TITLE: The Book of Three
GENRE: YA Fantasy
Three unlikely conspirators—Janey the miller’s daughter, her suitor Dickon, and a young prince with a price on his head—are thrown together by a civil war sparked by a regicide baron of the magic-working race who conquered Salix three hundred years ago. Janey befriends young Val before learning his identity, but his enemies hunt him with beasts spawned by corrupt magic. To save themselves, their families, and Salix itself, Janey and Dickon must persuade young Val to embrace his perilous birthright, then help him unite their oppressed people against the baron’s army and evil powers.
The day of Thane Scammony’s flour distribution, my father ordered me to make the trek to Ulworthy to collect our portion, despite Mam’s protests that a girl shouldn’t be alone on the road. Time was, I’d have been glad to go. Time was, I’d sought any chance to go to town, eager for the shops and exotic wares river traders brought—for a world wider than our village mill.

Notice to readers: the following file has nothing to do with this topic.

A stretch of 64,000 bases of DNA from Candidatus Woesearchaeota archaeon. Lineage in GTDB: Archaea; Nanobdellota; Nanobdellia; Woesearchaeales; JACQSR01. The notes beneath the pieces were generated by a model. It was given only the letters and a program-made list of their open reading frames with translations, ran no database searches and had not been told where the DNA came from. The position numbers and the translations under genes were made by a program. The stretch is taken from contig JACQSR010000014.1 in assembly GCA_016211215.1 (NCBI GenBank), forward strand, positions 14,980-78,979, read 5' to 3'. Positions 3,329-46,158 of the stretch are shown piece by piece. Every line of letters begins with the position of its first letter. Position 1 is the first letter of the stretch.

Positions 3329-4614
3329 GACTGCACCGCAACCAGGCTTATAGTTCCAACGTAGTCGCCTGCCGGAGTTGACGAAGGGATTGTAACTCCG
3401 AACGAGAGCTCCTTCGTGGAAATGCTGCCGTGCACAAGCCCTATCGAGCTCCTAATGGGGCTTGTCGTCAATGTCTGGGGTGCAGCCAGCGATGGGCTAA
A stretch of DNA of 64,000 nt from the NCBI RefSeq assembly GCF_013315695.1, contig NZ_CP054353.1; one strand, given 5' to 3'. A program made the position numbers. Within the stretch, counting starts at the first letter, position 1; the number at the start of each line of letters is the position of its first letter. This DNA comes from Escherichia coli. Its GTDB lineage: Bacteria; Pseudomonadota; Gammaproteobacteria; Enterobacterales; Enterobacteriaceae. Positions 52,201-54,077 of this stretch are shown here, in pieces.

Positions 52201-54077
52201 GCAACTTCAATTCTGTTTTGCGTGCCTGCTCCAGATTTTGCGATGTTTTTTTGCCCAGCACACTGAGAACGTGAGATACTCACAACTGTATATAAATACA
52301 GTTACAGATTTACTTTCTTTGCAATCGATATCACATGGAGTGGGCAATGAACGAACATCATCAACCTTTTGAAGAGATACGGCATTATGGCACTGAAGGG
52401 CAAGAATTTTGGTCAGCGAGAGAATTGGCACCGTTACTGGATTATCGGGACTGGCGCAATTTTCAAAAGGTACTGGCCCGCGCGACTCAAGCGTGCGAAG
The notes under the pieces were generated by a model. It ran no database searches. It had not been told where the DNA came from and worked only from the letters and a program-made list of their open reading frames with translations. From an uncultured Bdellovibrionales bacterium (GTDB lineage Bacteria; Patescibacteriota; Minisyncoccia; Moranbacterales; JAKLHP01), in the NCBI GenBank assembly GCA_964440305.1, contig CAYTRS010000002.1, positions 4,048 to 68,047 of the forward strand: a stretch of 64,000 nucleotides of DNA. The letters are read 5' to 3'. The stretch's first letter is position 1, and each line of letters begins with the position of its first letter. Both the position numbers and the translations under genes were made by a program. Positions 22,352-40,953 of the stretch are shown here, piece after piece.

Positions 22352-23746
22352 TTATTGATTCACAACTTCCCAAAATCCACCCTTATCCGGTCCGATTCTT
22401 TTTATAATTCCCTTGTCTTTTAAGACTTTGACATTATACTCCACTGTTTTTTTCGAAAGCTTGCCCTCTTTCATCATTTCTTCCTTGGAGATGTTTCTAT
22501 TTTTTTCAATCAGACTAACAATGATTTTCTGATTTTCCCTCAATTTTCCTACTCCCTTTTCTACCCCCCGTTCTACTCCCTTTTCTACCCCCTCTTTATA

Now, three years on from the old king’s death, I was afraid. Too many of Thane Scammony’s hard-eyed soldiers quartered in Ulworthy, and the royal foresters had been withdrawn, so the road through the Arrowood scared me as never in my almost seventeen years. What with the fighting down south, rumor whispered of masterless men killing folk on the roads.
Worse, last month, I’d heard a scream rising outside Grimsby village that froze my marrow. Next day, Mistress Pymm couldn’t find her pigs, only a pool of blood in the sty. No wolf left so little trace. It was a fiend-cat haunting us, evil come to life out of ancient tales.
Fiend-cats stalked by night, the tales said. I prayed so, for if I didn’t go to town, we’d have no flour. No bread in lean times meant my family starved. Da couldn’t go, not with him doing the work of three, laying in wood and fodder against the cold months and draining our rented fields. Not that he’d go anyhow—not Da, the miller of Grimsby Dale, to beg someone else’s flour.